New-Generation Cephalosporins

JULY 17, 2017
Marilyn N. Bulloch, PharmD, BCPS
Since their discovery in the 1950s, cephalosporins have become one of the largest classes of antibiotics. The class is divided into generations or subclasses, which are grouped by chemical properties and subsequent generalized microbiologic spectra.

Cephalosporins have been used to treat a variety of infections, from mild to life-threatening; however, like all antibiotics, resistance has been identified in bacteria. This typically occurs when the medications bind to an active site serine that is located on all functional penicillin-binding proteins (PBPs). The resulting inactive enzyme slowly hydrolyzes the antibiotic so that it forms an inactive entity compared with the bacteria.1

To address antibacterial resistance, the Generating Antibiotic Incentives Now provision of the FDA Safety and Innovation Act (FDASIA; Public Law 112-144) created the designation of “qualified infectious disease products” (QIDPs).2 This status is granted to agents that are intended to treat dangerous or life-threatening infections caused by resistant, novel, or emerging pathogens or those listed within the FDASIA. The agents receive an additional 5 years of patent exclusivity and priority and fast-track FDA review. In 2015, ceftolozane/tazobactam (Zerbaxa) became the fourth and ceftazidime/avibactam (Avycaz) became the fifth QIDP to receive FDA approval.3,4 Together, these new cephalosporins have been referred to as fifth-generation cephalosporins, or new-generation cephalosporins (NGCs).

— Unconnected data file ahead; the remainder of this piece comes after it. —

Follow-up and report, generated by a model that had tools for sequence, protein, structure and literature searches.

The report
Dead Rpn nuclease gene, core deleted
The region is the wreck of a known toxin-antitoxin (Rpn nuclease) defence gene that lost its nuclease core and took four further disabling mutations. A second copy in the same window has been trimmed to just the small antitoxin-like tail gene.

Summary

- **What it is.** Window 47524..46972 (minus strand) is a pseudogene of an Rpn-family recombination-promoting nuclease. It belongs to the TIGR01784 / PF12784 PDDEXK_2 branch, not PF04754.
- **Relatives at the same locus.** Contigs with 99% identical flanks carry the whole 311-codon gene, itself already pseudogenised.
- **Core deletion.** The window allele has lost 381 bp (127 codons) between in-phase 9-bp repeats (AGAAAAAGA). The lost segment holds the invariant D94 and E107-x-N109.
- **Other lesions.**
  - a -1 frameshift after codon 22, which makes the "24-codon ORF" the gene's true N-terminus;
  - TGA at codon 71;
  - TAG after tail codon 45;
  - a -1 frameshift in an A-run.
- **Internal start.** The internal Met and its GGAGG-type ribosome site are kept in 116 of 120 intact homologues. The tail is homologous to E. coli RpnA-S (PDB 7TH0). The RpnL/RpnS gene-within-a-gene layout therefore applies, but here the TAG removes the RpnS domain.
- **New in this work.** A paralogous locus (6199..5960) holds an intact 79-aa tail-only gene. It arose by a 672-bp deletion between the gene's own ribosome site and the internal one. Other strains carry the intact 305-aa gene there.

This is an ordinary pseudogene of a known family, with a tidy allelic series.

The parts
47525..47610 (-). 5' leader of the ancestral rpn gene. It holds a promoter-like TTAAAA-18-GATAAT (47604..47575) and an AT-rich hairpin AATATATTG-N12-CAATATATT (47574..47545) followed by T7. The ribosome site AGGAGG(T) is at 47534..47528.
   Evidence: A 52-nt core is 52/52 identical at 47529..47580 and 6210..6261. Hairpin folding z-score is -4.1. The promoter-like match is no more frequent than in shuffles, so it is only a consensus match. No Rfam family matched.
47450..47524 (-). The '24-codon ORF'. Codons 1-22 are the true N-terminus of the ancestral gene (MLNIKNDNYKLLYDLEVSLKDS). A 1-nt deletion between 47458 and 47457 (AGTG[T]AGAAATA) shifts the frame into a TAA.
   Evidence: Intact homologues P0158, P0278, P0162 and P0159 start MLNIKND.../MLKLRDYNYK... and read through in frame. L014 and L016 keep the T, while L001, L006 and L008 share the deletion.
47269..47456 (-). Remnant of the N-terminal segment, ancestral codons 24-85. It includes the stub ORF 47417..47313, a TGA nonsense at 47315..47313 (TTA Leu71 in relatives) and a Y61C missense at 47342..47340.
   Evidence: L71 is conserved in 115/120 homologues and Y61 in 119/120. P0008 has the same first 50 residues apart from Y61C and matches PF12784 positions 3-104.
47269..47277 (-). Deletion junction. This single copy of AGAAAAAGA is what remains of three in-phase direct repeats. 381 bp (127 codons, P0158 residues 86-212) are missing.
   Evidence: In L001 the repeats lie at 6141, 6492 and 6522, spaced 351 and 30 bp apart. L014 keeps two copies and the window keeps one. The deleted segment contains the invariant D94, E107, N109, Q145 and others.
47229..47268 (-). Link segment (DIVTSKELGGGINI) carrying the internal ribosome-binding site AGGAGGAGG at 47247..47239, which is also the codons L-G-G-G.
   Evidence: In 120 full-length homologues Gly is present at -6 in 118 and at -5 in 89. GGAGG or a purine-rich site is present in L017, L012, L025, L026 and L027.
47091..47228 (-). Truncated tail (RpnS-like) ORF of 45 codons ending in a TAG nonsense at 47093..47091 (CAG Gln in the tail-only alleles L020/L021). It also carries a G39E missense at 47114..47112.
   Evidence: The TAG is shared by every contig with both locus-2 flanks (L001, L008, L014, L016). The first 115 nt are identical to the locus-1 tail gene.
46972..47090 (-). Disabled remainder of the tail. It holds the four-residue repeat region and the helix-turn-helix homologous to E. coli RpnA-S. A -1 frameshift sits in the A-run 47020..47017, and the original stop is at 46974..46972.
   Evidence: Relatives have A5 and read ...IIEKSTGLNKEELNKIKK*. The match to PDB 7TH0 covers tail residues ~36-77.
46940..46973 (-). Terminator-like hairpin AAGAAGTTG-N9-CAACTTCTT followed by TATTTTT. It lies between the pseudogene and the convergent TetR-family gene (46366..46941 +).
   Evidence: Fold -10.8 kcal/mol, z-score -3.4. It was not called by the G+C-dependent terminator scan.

Both NGCs are bactericidal agents that bind to PBPs, the essential enzymes involved in the final step of cell wall biosynthesis in both Gram-positive and Gram-negative organisms. 1,3,4 Each is attached to a beta-lactamase inhibitor that does not possess clinically relevant in vitro activity against bacteria but does serve to protect the cephalosporin from degradation. Tazobactam, combined with the novel cephalosporin ceftolozane, is an irreversible inhibitor of class A penicillinases and class C cephalosporinases and forms covalent bonds to some chromosomal and plasma-mediated beta-lactamases. 2,6 Avibactam, a novel beta-lactamase inhibitor combined with ceftazidime, the established third-generation cephalosporin, inhibits class A penicillinases, extended-spectrum beta-lactamases (ESβLs), class C cephalosporinases, class D oxacillinases, and serine carbapenemases.1,5,7